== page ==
Historic venue development at both the Curragh in Ireland and Longchamp in France were in the spotlight during the 51st Conference of the International Federation of Horseracing Authorities (IFHA), held today (2nd October) in Paris, France.
The first International Conference of Horseracing Authorities was organized and hosted by the Société d'Encouragement in Paris, France, on October 9, 1967. Since 1994, the annual conference has been organized at France Galop headquarters by the International Federation of Horseracing Authorities. The first meeting had 14 attendees from nine countries. Today’s Conference convened delegates from about 50 different countries with a number of other racing executives and media members in attendance.
“The importance of gatherings such as this one cannot be understated,” said IFHA Chairman Louis Romanet, who led the conference. “Every country has its own take on racing, but we can all learn from each other to make the sport better on a global scale.”
Brian Kavanagh, the CEO of Horse Racing Ireland and a vice-chairman of the IFHA, along with Derek McGrath, the CEO of Curragh Racecourse, updated attendees on the Irish redesign, while Olivier Delloye, the chief executive of France Galop, and Fabrice Favetto Bon, the marketing director of France Galop, presented on Longchamp.
The redesigned Curragh will feature a new grandstand, which will incorporate top of the line corporate facilities, restaurants, bars and viewing facilities. The project will also include a new arrivals and reception area, parade ring, and weigh room.
“Racegoers expect more,” said Kavanagh. “They need more racing, more of an experience, more involvement to excite and entice them to the Curragh.”
The new Longchamp, which is nearing completion and will officially open in April 2018, also features a new grandstand aimed at improving customer experience as well as a 360°view overlooking the parade ring and tracks on every floor. The track will be renamed ParisLongchamp.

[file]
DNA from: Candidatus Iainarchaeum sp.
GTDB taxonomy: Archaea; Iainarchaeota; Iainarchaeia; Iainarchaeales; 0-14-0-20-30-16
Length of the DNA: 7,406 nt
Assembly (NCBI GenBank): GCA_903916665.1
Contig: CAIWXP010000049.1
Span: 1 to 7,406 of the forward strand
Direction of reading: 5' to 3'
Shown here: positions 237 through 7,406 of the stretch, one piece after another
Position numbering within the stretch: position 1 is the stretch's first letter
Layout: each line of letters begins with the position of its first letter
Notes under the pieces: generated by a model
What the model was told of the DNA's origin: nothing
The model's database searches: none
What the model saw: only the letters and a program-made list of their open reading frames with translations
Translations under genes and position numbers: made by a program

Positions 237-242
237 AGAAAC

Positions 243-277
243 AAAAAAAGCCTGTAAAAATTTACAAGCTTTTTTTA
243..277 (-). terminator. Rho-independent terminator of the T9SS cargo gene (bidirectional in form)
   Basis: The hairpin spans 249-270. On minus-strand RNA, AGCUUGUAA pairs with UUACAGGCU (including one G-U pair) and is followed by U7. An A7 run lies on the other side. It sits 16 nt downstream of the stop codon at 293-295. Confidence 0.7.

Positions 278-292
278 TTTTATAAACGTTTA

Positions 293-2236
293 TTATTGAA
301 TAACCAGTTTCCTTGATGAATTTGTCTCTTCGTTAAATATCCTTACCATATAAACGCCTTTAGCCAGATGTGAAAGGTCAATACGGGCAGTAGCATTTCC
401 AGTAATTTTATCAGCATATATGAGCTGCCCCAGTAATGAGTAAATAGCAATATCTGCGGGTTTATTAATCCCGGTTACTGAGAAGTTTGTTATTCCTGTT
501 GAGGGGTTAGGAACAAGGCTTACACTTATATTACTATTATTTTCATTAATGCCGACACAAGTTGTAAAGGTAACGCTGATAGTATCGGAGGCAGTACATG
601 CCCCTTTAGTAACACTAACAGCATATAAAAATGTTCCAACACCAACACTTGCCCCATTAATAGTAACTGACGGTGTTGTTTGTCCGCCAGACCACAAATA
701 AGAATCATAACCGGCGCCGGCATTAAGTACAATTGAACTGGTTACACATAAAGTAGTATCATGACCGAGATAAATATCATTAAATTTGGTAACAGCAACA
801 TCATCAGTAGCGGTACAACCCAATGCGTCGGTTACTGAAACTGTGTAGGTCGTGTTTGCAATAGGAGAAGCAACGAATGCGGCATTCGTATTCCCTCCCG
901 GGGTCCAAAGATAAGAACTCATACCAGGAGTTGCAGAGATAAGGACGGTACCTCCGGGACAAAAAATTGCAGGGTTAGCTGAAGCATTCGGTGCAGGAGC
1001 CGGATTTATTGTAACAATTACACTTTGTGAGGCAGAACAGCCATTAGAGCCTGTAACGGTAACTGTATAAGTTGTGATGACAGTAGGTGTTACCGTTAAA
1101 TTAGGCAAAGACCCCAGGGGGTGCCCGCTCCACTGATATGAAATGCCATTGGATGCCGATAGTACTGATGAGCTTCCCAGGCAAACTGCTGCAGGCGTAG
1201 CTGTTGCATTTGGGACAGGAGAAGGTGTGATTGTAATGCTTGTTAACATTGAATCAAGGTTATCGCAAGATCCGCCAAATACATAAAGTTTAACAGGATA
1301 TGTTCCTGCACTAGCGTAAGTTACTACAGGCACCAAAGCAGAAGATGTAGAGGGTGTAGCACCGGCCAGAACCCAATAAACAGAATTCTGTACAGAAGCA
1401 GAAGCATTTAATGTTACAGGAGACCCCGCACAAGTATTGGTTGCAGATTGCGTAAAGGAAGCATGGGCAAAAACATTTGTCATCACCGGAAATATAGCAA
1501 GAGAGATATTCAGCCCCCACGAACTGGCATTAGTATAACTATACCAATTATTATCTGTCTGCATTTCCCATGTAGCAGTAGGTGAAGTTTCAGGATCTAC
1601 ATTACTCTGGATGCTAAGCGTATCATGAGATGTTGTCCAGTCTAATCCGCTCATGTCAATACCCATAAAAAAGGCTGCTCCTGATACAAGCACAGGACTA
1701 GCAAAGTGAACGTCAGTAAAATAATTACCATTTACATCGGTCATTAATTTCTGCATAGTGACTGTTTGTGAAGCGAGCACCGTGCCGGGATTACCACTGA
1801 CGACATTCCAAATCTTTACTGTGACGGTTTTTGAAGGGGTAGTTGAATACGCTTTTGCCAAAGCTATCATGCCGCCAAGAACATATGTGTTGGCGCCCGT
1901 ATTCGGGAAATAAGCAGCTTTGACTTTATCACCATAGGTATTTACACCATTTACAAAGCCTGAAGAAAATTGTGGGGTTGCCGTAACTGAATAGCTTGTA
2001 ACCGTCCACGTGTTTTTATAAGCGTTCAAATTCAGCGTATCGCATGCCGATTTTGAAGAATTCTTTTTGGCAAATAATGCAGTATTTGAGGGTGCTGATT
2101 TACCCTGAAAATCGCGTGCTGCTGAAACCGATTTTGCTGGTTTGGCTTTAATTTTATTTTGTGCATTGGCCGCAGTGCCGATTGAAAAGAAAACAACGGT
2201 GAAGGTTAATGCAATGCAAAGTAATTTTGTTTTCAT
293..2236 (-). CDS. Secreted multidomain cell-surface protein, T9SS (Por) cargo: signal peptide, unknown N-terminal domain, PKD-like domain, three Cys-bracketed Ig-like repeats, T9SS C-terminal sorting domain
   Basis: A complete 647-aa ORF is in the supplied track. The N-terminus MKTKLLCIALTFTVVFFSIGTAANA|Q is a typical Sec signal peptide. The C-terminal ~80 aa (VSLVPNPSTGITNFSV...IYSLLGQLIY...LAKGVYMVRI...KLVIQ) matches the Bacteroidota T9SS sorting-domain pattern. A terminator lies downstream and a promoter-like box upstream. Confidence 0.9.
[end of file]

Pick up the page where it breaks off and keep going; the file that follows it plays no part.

“Longchamp is a unique track where champions have produced their best performance before leaving a long-lasting impact on the breed,” said Delloye. “It must contribute to the rebound of French racing. ParisLongchamp will create more value for the French racing and breeding industry.”
Other morning panels included a progress report on relations between the International Horse Sports Confederation (IHSC)—which is comprised of the IFHA and FEI—and the World Organisation for Animal Health (OIE); a presentation on the 37th Asian Racing Conference in Seoul next May; an update on the progression and implementation of the Reference Labs Strategy; and an update on the 2nd International Forum for the Aftercare of Horses as well as a panel discussion on racecourse aftercare, which was led by IFHA Vice-Chairman Jim Gagliano, who is also the president of The Jockey Club.
During his presentation on the Reference Labs Strategy, Romanet announced that the IFHA Executive Council has approved a policy whereby the disqualification of a horse by final action of a regulatory authority as a result of detection of prohibited substances will result in that horse not being included in the Longines World’s Best Racehorse Rankings. The decision unanimously approved by the IFHA Executive Council is as follows and is implemented for races that take place in 2017 and going forward:
Any horse that has been disqualified by final action of a regulatory authority with jurisdiction over the conduct of racing where the violation occurred as a result of the detection of a prohibited substance covered by Article 6E of the International Agreement on Breeding, Racing and Wagering (IABRW) will be excluded from the Rankings for the corresponding calendar year in which the violation is determined to have occurred. An exception can be made if the trainer has been determined to have discharged his responsibilities in specific cases (i.e. contamination).
The afternoon featured sessions led by the IFHA’s other two vice-chairmen. Hong Kong Jockey Club CEO Winfried Engelbrecht-Bresges led panels on “International Strategy: Transitioning from a local to a global market,” while Kavanagh oversaw discussions on “Challenges facing the European Breeding and Racing Industry.”
The first panel covered topics including Japanese simulcasting, the PMU 2020 strategy, and the HKJC’s commingling strategy, while the second took a look at the implications of Brexit on the movement of horses in and out of Great Britain as well as gave an update on the work of the European & Mediterranean Horseracing Federation (EMHF).